Dave Bittner: You know, I think it's fair to say that the NICE Framework has really come a long way since you all originally launched it. What do you think some of the ways are that this latest update is going to impact the future of cybersecurity education and workforce development?

Rodney Petersen: Yes, I think in the beginning -- in fact, we even changed the name in 2020 to reflect that it was a, you know, Framework for cybersecurity, not just for the workforce or not just for employers to use. So in our 2020 revision, we really stress the fact that this is for education and training providers, those that are providing credentials, as well as the learners themselves. And for us, learners not only include students or maybe job or career seekers. But include employees who are trying to develop themselves and perhaps, you know, increase their own credentials or their own knowledge and skills. So, changing the language to be more inclusive of the entire ecosystem was critically important. And I think the more recent updates by trying to, again, standardize around some of the language and the details helps address that kind of comprehensive set of stakeholders.

Dave Bittner: Can we talk a little bit about partnerships here and the organization's efforts to promote that? I'm thinking between, like, academia and industry and government. I know partnerships between those groups is something that's important to you and your colleagues.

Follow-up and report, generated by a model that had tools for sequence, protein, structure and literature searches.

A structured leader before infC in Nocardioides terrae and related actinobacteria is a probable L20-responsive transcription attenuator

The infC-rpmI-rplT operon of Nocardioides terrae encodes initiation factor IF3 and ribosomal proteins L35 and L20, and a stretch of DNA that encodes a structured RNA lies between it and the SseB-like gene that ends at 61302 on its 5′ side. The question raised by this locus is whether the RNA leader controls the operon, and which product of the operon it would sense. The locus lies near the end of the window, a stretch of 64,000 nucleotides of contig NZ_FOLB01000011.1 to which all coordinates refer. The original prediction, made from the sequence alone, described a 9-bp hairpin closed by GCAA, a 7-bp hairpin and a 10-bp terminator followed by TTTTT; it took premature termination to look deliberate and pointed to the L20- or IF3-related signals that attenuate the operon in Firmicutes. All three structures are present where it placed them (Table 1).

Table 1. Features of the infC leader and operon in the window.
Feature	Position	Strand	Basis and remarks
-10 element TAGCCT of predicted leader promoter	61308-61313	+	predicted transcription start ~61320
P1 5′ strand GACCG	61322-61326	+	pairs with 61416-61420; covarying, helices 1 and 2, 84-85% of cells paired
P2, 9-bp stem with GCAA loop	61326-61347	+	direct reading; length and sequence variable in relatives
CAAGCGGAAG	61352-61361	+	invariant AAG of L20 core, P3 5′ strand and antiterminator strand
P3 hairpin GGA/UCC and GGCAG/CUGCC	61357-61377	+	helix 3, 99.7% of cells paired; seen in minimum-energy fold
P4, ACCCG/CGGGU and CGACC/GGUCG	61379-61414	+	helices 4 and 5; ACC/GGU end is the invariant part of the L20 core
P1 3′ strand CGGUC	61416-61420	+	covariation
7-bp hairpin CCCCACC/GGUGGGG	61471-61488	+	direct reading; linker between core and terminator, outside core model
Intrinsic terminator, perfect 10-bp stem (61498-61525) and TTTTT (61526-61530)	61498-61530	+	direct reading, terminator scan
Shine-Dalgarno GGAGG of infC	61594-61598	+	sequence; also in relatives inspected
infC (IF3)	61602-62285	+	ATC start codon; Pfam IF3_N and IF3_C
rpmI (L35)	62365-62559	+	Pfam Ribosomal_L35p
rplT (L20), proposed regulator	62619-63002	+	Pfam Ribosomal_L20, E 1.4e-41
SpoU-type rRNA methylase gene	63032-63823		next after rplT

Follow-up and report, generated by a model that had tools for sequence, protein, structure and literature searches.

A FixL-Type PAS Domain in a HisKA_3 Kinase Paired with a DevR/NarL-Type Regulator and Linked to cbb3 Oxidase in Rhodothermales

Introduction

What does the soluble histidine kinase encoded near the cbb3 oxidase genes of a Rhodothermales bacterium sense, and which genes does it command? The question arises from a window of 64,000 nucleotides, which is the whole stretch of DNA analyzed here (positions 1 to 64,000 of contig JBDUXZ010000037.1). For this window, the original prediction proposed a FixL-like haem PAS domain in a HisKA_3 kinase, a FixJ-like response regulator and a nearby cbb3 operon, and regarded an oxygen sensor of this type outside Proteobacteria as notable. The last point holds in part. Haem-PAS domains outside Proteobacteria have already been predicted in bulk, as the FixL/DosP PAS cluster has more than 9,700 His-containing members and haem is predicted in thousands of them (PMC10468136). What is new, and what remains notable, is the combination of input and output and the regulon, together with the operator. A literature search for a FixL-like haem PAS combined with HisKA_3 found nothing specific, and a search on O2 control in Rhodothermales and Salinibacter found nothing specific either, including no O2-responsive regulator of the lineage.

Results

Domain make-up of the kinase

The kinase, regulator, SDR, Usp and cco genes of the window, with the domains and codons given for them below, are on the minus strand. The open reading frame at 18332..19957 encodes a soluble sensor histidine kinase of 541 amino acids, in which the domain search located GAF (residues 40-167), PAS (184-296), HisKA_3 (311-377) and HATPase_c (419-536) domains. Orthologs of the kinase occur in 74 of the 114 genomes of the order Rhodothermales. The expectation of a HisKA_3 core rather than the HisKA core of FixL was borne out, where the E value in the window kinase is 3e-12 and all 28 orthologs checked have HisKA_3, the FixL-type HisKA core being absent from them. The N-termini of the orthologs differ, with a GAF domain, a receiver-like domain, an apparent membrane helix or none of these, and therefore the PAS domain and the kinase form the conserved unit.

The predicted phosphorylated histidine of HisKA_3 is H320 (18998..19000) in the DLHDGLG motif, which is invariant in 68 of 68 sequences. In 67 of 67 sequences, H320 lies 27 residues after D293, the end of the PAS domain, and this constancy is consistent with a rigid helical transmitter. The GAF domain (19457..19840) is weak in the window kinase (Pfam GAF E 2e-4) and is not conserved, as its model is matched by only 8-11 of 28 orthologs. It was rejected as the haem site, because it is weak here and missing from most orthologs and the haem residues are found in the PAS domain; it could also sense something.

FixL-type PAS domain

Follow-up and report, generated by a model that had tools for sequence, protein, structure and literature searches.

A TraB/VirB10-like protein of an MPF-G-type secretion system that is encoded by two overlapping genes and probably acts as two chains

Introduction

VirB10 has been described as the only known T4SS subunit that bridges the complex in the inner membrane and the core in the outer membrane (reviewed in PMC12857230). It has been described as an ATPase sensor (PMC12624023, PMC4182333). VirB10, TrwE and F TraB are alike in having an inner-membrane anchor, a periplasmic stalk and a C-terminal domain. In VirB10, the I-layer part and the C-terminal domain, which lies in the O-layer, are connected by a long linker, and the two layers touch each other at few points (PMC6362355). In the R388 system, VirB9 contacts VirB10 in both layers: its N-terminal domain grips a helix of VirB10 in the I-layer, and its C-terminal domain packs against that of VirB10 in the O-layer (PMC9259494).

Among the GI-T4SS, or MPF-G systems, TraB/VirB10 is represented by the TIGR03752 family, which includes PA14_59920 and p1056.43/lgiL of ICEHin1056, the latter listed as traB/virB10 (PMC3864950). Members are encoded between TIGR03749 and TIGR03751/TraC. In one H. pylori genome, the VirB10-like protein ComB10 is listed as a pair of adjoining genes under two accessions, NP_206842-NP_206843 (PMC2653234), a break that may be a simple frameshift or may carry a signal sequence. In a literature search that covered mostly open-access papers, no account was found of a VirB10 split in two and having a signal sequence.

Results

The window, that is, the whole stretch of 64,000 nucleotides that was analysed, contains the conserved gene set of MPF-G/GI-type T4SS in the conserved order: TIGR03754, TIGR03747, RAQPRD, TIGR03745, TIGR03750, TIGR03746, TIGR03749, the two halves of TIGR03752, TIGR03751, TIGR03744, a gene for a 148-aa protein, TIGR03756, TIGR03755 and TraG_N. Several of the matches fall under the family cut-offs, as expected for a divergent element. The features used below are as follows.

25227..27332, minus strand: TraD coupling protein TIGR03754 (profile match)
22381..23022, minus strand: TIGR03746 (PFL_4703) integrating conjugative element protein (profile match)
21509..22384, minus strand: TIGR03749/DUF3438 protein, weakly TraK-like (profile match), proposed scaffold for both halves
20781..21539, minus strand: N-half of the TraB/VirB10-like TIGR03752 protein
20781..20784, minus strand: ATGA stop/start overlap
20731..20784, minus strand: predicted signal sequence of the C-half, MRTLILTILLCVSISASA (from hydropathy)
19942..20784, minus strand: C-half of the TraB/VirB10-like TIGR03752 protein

Rodney Petersen: Yeah, so we often talk about NICE being a partnership of government, industry, and academia. And so starting at the federal government, we certainly work closely with our interagency partners, including organizations like the National Science Foundation or the Department of Education, which are mostly supporting education and research. But we also work with organizations like the Cybersecurity Infrastructure Security Agency, Department of Defense, and others who have the workforce needs that the NICE Framework can help to build upon. And then there are other partners, whether they be at the White House, the Office of Management and Budget, Office of Personnel Management, that are helping to bring in the federal workforce that is needed in cybersecurity. But we don't limit our engagement to the federal government. We also work closely with state governments, especially through associations and organizations like the National Governors Association or the National Association of State CIOs, or even the multi-state information sharing and analysis center. At the industry level, it's a little more complicated because there's so many players, and again, so many industries both by sector, the economy, as well as companies to work with. So once again, we try to leverage relationships with organizations like the Small Business Administration or the Business Roundtable that represents 250 of the largest employers in the country. And then just naturally, the Department of Commerce has lots of relationships with small and medium businesses, minority businesses, and others. And so we try to make sure we're inclusive in that industry engagement. And at the academic level, it's a continuum from K -12 education to community colleges to universities. And we have relationships, in fact, we do events that target those populations. But specifically at the high school level, you know, we work closely, again, with the Department of Education and its career technical education programs of study. Many of those are also in partnership with community colleges resulting in dual enrollment where students might receive a degree when they graduate from high school that's both a high school diploma and a community college degree. And then at the university and community college level, a very close partnership with both NSA and CISA's National Centers of Academic Excellence in Cybersecurity.